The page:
It was from this auspicious beginning that my relationship with “wisdom” as a personal “gift” started. After that, any reference to “wisdom” was like an inside “wink and a nod” from God—an understanding between us. Don’t get me wrong. I didn’t feel like I was this newly wisened, holier-than-thou human being. On the contrary, I still felt like I always felt—nothing special—no more, no less. It was just that the whole incident made a huge impression on me. It’s something I’ll never forget.
Fast forward several years. As I matured, my interests in all things magical and mystical grew. I was intensely curious about historical figures, metaphysical subjects, psychic phenomena, angels, fairies (see the opening section to this newsletter), and yes–goddesses. I started to have an attraction to various goddesses. I’m not the only one enamored with the “Asian-equivalent of the Virgin Mary”—Quan Yin. Click here to read about Quan Yin’s presence in my life.
My regular readers know that I am intensely proud of my Polish heritage. My grandmother on my mother’s side is Sophia. So of course I was drawn to studying the goddess Sophia—the divine embodiment of female wisdom. Her name translates literally as “wisdom” in Greek and is often represented in art as a dove. “Later history associated Sophia with the Holy Spirit in Gnosticism. Interestingly, Christianity depicted the Holy Spirit as a dove, imparting divine energy to its recipients.
Gnosticism—derived from gnosis, the Greek word for knowledge—grew alongside early Christianity….Later the Greek Orthodox church named her Saint Sophia.” ~ The Book of Goddesses. A Celebration of the Divine Feminine.” ~ by Kris Waldherr. “In Orthodox and Roman Catholic Christianity, Sophia, or rather Hagia Sophia (Holy Wisdom), is an expression of understanding for the second person of the Holy Trinity.”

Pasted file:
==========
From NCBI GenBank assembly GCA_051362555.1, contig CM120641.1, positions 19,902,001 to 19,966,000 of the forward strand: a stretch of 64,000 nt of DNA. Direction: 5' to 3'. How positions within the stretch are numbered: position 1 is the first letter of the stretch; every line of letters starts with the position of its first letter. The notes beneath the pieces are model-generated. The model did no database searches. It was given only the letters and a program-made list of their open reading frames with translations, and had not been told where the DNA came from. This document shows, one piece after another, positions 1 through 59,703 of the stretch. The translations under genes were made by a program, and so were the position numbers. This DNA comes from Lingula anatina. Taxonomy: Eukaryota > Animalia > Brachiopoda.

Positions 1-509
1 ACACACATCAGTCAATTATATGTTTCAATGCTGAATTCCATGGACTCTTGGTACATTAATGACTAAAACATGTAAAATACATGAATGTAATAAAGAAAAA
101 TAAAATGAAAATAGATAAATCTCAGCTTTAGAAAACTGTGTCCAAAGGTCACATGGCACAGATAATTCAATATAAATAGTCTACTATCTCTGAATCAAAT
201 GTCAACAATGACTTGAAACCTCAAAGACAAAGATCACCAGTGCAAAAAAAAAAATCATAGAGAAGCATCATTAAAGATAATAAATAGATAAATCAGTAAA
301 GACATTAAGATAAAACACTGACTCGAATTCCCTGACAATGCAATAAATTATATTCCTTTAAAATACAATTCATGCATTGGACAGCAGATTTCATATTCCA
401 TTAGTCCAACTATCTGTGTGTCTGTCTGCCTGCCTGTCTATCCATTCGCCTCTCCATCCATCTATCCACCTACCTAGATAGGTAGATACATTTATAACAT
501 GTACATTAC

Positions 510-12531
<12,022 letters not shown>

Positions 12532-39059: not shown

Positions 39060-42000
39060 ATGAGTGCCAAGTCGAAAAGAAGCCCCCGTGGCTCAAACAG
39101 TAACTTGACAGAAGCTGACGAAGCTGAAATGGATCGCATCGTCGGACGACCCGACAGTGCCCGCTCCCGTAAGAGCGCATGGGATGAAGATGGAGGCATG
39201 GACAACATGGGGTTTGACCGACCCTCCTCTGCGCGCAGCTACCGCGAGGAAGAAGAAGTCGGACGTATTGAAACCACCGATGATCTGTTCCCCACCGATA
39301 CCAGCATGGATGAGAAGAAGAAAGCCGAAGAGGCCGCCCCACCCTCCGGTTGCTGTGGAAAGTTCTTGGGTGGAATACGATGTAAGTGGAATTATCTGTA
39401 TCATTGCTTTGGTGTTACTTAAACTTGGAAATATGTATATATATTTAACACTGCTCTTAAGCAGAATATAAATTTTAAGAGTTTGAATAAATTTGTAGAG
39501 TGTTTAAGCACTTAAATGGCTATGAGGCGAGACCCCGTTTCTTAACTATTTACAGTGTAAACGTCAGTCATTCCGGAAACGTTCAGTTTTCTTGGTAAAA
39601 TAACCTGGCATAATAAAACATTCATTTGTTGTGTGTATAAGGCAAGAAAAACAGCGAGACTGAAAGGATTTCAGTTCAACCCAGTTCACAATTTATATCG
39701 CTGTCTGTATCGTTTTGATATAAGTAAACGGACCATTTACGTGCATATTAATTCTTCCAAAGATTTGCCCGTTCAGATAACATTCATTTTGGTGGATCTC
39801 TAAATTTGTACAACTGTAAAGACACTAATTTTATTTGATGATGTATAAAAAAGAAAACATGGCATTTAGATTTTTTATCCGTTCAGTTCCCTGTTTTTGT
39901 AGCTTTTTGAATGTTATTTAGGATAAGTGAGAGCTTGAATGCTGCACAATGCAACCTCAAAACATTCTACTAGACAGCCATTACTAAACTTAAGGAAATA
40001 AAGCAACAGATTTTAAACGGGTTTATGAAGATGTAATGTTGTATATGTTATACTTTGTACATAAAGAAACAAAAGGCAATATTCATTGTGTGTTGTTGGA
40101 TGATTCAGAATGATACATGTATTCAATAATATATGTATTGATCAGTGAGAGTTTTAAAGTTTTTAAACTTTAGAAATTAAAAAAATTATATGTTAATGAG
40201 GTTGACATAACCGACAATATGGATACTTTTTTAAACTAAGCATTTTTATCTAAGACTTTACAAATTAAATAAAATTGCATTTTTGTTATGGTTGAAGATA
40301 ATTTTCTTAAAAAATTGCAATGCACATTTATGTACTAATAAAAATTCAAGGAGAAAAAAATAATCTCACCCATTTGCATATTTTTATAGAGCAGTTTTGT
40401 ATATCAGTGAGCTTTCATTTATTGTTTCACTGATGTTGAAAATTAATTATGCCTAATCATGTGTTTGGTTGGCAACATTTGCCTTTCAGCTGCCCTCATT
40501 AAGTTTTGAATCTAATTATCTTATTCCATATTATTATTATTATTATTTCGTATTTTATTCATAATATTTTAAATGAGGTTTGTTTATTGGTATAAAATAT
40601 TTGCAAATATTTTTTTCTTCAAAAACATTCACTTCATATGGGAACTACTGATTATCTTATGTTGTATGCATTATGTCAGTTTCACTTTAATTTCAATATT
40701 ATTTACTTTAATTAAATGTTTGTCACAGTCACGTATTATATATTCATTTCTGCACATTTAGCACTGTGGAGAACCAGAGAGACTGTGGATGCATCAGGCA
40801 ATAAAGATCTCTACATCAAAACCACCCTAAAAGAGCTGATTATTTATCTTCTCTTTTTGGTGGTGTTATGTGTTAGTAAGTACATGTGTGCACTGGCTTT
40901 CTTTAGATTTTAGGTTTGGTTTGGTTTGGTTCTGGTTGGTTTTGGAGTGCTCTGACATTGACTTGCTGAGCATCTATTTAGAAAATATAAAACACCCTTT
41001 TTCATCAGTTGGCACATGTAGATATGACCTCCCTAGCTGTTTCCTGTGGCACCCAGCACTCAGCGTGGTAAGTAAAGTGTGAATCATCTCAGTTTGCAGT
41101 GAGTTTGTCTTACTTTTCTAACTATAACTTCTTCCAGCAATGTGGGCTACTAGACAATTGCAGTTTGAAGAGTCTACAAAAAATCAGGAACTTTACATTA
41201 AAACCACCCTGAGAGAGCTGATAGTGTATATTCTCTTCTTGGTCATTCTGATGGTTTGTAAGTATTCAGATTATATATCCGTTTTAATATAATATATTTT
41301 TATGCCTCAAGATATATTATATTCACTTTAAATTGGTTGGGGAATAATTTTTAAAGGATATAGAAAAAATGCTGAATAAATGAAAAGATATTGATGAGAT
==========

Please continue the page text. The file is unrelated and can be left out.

In my readings and research I found a connection with Sophia to “Athena”, the goddess of wisdom, and one of the most powerful of ancient Greek goddesses. Athena “was the daughter of Zeus, the Greek ruling god, and his first wife, Metis, whose name meant ‘wisdom’.” ~ The Book of Goddesses. A Celebration of the Divine Feminine.” ~ by Kris Waldherr.
“The word “sofia” was an epithet of Athena in ancient Greek philosophy, namely this word meant the wisdom and divine superiority of Athena in comparison with other Olympic gods.
…in ancient Greece Athena was the personification of wisdom and was the most esteemed goddess before birth of the Christ, but the image of Athena was rethought in understanding of the first Christians and was named Sophia the Wisdom of God, and also the name of Sofia was separated from pagan gods and compared to wisdom…” Source: http://www.numeralgame.64g.ru/num/num6en.htm
Athena became another very personal goddess connection in my life—we were practically related, after all. Athena is often accompanied by an owl—the bird associated with wisdom. Whenever an owl finds its way into my life, I smile. I’m drawn to owl photos, drawings, and sounds. I notice their presence. How about you?
These personal connections to the Divine Feminine are archetypes we all carry deep inside. You need only to acknowledge their existence and suddenly you’ll have your own “aha moment”. I promise. Do you recognize your “goddess within”? I’m sure there are several. Acknowledge and uncover your own personal history—your life stories, and let your inner goddesses evolve into a very personal, unique connection. You won’t regret it. It will be a constant source of inspiration and comfort.
A good friend of mine, Flo Schell, is also a very gifted artist. She has created the most beautiful, stunning goddess paintings and was kind enough to let me post a depiction and link here. I have, of course, chosen the goddess Athena. She’s absolutely beautiful, don’t you think?